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Goal line technology - A price worth paying?

Goal line technology is back in the headlines after Frank Lampard’s disallowed goal during England’s exit from the World Cup being followed by an offer to Premier League clubs of free installation of the needed technology.  But is cost set to price out the rest of English football?

Back in March the International Football Association Board (IFAB) decided that goal line technology had no part in football’s future, blocking all future experiments.  At the time FIFA's general secretary Jerome Valcke offered little hope to goal-line technology providers, claiming that ‘technology should not enter the game. We should trust and keep football as a human game’.

However after Jorge Larrionda disallowed Frank Lampard’s goal against Germany in Sunday’s World Cup clash, football professionals and fans alike are calling for FIFA to rethink their decision.

The technology has long been around and has been embraced by other sports globally. One of the current providers is Hawk-Eye.  Developed in 1999, Hawk-Eye is camera based software that tracks the movement of the ball and can quickly determine whether it has crossed the line, providing the referee with a decision in less than 0.5 seconds.

But such sophisticated technology comes at a cost. It has been estimated that a football club can expect to pay between £125,000-£250,000 for the installation Hawk-Eye.

Paul Hawkins, creator of Hawk-Eye, recently suggested a solution for installing the technology, telling The Independent:  “We would install it free of charge in every Premier League ground if we could have the rights to sell the sponsorship.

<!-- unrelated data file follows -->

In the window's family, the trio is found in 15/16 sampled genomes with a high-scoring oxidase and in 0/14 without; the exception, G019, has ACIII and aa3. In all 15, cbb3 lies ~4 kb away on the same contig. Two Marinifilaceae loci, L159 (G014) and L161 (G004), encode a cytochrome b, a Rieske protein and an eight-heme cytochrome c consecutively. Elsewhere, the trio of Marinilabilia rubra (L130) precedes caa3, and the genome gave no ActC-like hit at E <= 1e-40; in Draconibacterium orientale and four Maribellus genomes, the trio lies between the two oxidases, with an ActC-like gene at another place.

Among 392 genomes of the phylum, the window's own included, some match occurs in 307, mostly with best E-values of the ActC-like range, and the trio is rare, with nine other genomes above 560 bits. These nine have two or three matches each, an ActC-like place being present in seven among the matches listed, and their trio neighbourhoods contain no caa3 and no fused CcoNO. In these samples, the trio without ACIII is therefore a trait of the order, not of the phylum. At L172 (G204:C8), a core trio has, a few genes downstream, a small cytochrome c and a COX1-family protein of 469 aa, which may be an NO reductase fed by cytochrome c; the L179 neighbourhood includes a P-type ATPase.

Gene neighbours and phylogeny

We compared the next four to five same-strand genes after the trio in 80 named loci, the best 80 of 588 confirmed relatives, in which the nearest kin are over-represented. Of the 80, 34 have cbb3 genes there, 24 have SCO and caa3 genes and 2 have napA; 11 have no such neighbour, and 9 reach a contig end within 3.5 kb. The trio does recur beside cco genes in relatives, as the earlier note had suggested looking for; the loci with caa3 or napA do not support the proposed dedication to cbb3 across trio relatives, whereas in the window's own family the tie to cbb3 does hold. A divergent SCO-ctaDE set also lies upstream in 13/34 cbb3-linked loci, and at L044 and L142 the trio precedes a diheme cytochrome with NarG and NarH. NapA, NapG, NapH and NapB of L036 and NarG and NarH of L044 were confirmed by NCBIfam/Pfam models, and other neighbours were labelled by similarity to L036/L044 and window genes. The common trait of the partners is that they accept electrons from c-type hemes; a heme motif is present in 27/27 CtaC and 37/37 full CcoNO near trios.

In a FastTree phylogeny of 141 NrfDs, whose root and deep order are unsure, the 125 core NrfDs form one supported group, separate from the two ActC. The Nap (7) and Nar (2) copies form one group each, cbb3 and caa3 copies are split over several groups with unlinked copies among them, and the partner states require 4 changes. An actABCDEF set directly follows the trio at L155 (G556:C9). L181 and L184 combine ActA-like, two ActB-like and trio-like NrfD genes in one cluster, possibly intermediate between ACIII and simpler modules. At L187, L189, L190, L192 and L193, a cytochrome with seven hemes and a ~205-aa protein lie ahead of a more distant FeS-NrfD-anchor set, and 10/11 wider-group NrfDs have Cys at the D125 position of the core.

"It's 100% accurate. Hawk-Eye has been independently tested by the Premier League and the International FA Board, and shown to work in all instances tested."

Sponsorship of Hawk Eye may prove commercially viable in the Premiership as it has done in major tennis tournaments with Rolex sponsoring the Hawk-Eye system at Wimbledon, but still leaves smaller club’s who sponsorship is not an option and the £250,000 price tag out of range with a huge stumbling block if they are to keep in line with football’s latest developments.

FIFA strongly believe that the rules for officiating football should be the same across all nations and all leagues. If smaller teams were not able to attract sponsorship deals and could therefore not afford to install the technology, FIFA’s fundamental belief would be lost and the already obvious gap between the top flight teams and the lower divisions could be further widened.

However there would be those that will argue that the technology is available and should be used to avoid decision costing key games and potentially money to clubs, even if it is only at top level competitions such as the Premier League and European competitions.

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